In the midst of all the hurly-burly of the last few weeks, from the budget negotiations in Washington, to the fire in Soudan, to finding evidence for what could turn out to be a revolutionary discovery, other important events have gotten less attention.
Last Saturday we brought the NuMI beam to full operation, several weeks ahead of the originally conceived schedule. The graphite target that we use to produce neutrinos failed late in February during operations. A very careful autopsy – difficult to carry out – confirmed our suspicions regarding the cause of the failure. These targets are very delicate objects and are manufactured in Russia’s atomic energy industry, which has the ability to braze the target cooling tubes to the graphite slices that are at the core of the target. The first NuMI targets had long lifetimes, but more recent targets have developed leaks after short periods of operation. We suspected a specific set of welds had failed and this was confirmed by the autopsy. We observed that the replacement target had the same issues on this section of welds and redesigned the troublesome section. This modified target is now in the beam and we hope will achieve the long-term performance of the early targets. Last Wednesday I was able to see how technicians installed the new target in the NuMI beam line. This installation and the whole operation of understanding and modifying the target have been very impressive indeed. Kudos to Kris Anderson and all involved!
There have been two very successful audits that are worth mentioning. The first one was a surprise audit by the U.S. Environmental Protection Agency looking at our environmental programs. There were six inspectors involved in the audit and it took two days. These surprise audits look at every aspect of our environmental program: air; water; waste management and other regulated aspects in the management of our environment. While the final report of this audit is not yet out, the closeout was extraordinarily positive and there were no findings. The inspectors had a few suggestions for improvements for us to consider.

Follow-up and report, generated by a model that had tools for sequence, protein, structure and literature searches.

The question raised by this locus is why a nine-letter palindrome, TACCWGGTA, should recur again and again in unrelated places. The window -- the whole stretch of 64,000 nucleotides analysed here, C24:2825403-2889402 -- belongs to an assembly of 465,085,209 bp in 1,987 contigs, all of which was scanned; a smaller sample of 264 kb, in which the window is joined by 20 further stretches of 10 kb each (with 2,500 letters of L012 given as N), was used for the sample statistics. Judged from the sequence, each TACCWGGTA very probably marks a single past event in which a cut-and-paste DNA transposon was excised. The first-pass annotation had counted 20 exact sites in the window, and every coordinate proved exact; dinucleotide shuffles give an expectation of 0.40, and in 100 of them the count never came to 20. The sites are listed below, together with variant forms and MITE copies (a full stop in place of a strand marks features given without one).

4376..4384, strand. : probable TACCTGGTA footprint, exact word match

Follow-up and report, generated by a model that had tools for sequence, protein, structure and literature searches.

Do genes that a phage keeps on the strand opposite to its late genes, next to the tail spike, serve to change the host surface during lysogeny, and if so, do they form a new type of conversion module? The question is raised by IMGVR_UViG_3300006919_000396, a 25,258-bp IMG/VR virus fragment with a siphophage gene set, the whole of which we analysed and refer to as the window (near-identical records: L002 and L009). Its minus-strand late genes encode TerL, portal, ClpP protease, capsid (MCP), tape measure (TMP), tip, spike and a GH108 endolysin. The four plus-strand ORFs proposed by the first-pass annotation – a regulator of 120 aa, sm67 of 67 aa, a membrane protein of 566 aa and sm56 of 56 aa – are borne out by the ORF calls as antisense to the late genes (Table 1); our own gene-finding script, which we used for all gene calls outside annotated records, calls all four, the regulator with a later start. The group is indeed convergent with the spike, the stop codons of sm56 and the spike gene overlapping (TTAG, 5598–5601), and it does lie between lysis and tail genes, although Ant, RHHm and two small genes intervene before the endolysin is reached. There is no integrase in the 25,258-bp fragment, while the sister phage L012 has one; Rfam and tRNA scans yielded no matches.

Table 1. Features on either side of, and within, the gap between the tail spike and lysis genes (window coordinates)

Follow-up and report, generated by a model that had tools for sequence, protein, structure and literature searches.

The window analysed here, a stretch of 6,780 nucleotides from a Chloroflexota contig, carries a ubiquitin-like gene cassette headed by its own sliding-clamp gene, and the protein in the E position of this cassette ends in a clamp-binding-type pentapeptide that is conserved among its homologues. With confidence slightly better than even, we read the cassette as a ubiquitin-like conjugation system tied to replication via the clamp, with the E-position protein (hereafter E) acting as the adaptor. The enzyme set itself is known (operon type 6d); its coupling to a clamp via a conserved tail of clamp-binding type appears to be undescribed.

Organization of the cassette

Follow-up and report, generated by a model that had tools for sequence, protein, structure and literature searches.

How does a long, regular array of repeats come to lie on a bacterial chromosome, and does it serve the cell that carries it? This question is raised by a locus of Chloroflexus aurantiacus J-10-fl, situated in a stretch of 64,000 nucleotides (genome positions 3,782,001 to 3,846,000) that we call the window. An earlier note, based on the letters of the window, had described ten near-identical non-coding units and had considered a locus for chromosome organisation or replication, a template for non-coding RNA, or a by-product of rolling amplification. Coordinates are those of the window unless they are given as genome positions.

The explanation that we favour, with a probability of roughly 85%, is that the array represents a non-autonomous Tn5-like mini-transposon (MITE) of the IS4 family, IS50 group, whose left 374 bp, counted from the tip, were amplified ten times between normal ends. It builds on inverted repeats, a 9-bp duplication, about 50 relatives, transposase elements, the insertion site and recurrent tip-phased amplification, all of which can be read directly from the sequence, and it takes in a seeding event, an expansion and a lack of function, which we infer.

A second very successful audit was on Safeguards and Security. This is an audit carried out by the DOE and it is very important for us, especially in the cyber-security area. Two years ago we had an audit where the performance of the laboratory as a whole was marginal, with several findings and needed corrective actions. This year’s audit did not have any findings and simply had some suggestions for improvements for us to consider. This audit outcome reflects the much more rigorous and centralized approach we are taking in the management and operations of our computing infrastructure, and the much more educated lab community in this ever more complex area.
So while the commotion continues, we do keep to our knitting and continue to produce results in the scientific as well as operational areas. The last two audits reflect well not only on the centralized teams that establish the environmental and cyber-security framework for the laboratory, but also on the whole Fermilab community that makes the system work.